Thursday, December 12, 2013

The Westall UFO

Clayton South, south east of Melbourne, is an average middle class suburb a short distance from the CBD. Established in 1929 as the city expanded south, the Clayton area today is the very picture of modest, well kept ordinariness.

There are houses and apartment buildings, and a number of schools and parks. One of Melbourne;s best universities, Monash, is a short distance away, as is one of Australia's best golf courses, in Kingston Heath.

But Clayton South has as extraordinary footnote in the history of our city; it is also the site of Australia's largest mass UFO Sighting.

The renamed Westall Secondary College, present day.

Clayton South: 'A' marks the spot of the secondary school.

April 6, 1966 seemed a typical autumn day for the teachers and students heading into the two local schools; Westall High and Westall State school, the adjacent primary. Nothing seemed out of the ordinary, it was just a day like any other.

Around 11.00am, a class of students at the high school were playing a game of cricket on the sports oval. Other children milled around at the end of their morning break, watching the game or just mucking about.

All of a sudden, out of nowhere, something unusual appeared in the sky. An object, a silver-grey disk or saucer, moving slowly over the school, heading south.

The shock caused by the saucer's appearance was immediate: panic! Some of the children shrieked, while several threw themselves to the ground in fright:

The commotion drew more students and teachers, who ran outside to see what was happening. As many as 100 witnesses at Westall High have been identified as indicating they saw something in the sky that day, although their testimony varies.

Andrew Green, a science teacher, said he saw a silvery-green disk, about twice the size of a family car.

Joy Clarke, a second form student, said she saw 'three flying saucers.'

Some witnesses reported hearing engine noise coming from the object, or that they saw a light aircraft pursuing it.

Others have refuted these claims.

An artists impression of the incident.

The object's trajectory took it over the high school and then over the neighbouring primary, where its appearance again caused pandemonium. Children in both schools ran around chatoically; crying, yelling, pointing at the sky:

Next to the primary school was an open patch of vacant, overgrown land, called Grange Reserve. The object lost height once it was over the reserve and was witnessed descending behind a stand of trees. A number of excited students made to pursue the craft, some by climbing the school fence.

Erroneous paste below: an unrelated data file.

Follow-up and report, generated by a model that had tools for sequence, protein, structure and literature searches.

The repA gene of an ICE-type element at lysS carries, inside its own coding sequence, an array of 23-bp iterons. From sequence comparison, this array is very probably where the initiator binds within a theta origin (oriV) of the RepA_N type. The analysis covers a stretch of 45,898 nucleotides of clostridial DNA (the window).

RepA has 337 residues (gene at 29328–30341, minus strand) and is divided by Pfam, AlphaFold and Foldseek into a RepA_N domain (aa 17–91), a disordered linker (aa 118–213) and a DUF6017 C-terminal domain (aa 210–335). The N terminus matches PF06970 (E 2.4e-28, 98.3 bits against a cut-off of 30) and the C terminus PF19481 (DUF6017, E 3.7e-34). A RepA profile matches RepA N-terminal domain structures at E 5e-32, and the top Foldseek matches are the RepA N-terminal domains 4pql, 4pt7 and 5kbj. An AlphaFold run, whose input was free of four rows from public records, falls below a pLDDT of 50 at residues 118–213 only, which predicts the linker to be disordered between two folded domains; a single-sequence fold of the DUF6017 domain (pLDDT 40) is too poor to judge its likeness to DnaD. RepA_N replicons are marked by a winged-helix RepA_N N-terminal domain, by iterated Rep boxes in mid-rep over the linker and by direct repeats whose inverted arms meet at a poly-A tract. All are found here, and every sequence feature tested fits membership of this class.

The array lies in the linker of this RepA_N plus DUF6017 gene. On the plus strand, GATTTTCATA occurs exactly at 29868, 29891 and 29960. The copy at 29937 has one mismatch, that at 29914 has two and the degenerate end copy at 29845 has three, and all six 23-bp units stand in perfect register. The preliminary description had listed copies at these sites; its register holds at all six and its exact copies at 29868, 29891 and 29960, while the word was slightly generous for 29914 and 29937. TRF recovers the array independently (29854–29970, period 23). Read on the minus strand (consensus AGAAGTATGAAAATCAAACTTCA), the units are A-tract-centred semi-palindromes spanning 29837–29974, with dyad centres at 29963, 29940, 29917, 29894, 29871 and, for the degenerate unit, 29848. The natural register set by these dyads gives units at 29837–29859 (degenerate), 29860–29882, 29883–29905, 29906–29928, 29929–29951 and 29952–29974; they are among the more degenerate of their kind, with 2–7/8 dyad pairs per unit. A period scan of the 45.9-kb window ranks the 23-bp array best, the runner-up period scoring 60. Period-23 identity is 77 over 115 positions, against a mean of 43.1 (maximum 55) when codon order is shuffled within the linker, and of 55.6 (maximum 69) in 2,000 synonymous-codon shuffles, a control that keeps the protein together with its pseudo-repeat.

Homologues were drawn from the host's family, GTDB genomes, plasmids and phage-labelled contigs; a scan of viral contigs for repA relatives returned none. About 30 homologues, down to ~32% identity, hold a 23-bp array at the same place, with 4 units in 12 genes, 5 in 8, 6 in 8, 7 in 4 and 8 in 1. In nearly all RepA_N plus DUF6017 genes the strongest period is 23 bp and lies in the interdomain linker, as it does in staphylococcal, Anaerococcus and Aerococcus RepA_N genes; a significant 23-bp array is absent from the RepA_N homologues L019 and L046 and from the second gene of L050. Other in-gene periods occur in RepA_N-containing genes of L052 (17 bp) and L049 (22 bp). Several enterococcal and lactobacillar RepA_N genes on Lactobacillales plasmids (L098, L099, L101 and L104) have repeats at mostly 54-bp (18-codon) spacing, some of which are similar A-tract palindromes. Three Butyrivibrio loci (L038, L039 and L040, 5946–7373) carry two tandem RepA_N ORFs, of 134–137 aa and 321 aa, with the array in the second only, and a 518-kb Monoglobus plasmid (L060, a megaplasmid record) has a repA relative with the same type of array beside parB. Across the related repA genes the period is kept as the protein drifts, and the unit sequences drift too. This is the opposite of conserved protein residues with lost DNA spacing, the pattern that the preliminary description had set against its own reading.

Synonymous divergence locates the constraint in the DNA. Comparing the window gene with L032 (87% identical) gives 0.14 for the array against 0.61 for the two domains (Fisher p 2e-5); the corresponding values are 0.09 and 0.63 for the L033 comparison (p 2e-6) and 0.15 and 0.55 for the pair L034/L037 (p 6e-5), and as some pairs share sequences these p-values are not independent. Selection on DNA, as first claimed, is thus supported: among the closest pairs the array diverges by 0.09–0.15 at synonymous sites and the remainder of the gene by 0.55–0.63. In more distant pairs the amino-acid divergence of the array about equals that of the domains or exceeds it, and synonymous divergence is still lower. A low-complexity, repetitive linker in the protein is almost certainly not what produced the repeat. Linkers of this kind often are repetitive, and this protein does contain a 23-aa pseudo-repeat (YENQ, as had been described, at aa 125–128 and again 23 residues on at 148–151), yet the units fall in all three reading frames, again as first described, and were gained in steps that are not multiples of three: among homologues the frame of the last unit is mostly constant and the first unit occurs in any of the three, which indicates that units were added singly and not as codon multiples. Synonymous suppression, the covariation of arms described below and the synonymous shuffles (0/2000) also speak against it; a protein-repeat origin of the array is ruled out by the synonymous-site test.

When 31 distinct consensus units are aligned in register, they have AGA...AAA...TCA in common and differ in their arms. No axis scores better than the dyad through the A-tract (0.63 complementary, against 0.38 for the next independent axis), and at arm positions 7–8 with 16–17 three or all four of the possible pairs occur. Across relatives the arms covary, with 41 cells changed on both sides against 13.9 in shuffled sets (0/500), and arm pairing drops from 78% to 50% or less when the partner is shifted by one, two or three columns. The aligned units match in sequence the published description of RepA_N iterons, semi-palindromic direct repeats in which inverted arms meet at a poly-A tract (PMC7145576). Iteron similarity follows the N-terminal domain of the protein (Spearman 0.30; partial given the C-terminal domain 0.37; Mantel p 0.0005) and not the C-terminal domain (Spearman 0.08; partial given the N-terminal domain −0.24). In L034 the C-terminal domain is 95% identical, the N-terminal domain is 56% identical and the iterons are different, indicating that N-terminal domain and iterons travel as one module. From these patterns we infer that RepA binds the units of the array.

But after a short pause, probably no more than a couple of minutes, the object ascended from the trees again and departed the area, heading north west. It was soon lost from view, never to be seen again.

Witnesses who made it into the Grange shortly after the object's final disappearance reported seeing a flattened circle on the ground.

Artists impression of what was found in The Grange reserve.

Back at the high school, in the immediate aftermath, an attitude of secrecy was adopted. High school Principal Frank Samblebe called an assembly and told his stunned students:

Other witnesses claimed to have seen RAAF personal and government vehicles in the area around he Grange Reserve, immediately after the sighting.

The press coverage the following day was mixed. The local newspaper, The Dandenong Journal, made the 'Flying Saucer Mystery' its front page:

While The Age  ran a smaller, considerably more measured, item in it's local news section:

And this second story has probably become accepted as the official version of events.

The Government, state and federal, has always denied that they had any planes in the area at the time, and also that no military personnel attended the site to investigate. Diligent checking of the public record by private investigators has also failed to uncover any official reports or documents relating to the Westall event.

The absence of any official explanation, along with the now hazy memories of the people involved, has allowed a fine conspiracy network to spring up around the Westall incident.

It has a global profile as one of the world's most well known UFO events, and is one of the few to feature a large number of credible witnesses. In recent years, local interest in 'Australia's Roswell', has flickered from time to time as well:

In 2010, researcher Shane Ryan presented a documentary - Westall '66 - about his investigation of the incident, based on exhaustive research over a five year period. Through a public appeal, Ryan was able to uncover many previously unknown witnesses to the event and many from the surrounding area beyond the school grounds. In an interview given to the The Age in 2010, Ryan expressed his certainty that all those witnesses had seen... something:

But Ryan was unable to reach any solid conclusions about what had happened. He was frustrated, he said, by a lack of cooperation from official sources. In the interview excerpted above, Ryan states that his belief is that it was a Government aircraft of some sort, but that proof was scarce.

And in this, he mirrors the frustration of the people who witnessed this unusual event. People who, even after nearly 50 years, still aren't exactly sure what they saw that day.

To mark the anniversary of the event in 2004, The Westall UFO was given a small commemoration by the local council, when they named their new adventure playground in its honour.

Saturday, November 30, 2013

Foy's Rooftop Fun Park

The corner of Swanston and Bourke is one of Melbourne's busiest intersections, where the mall meets the main drag.

And while the main buildings that ring this corner haven't changed for decades, there is one wonderful feature that is missing from the present day location: Foy's Rooftop Fun Park.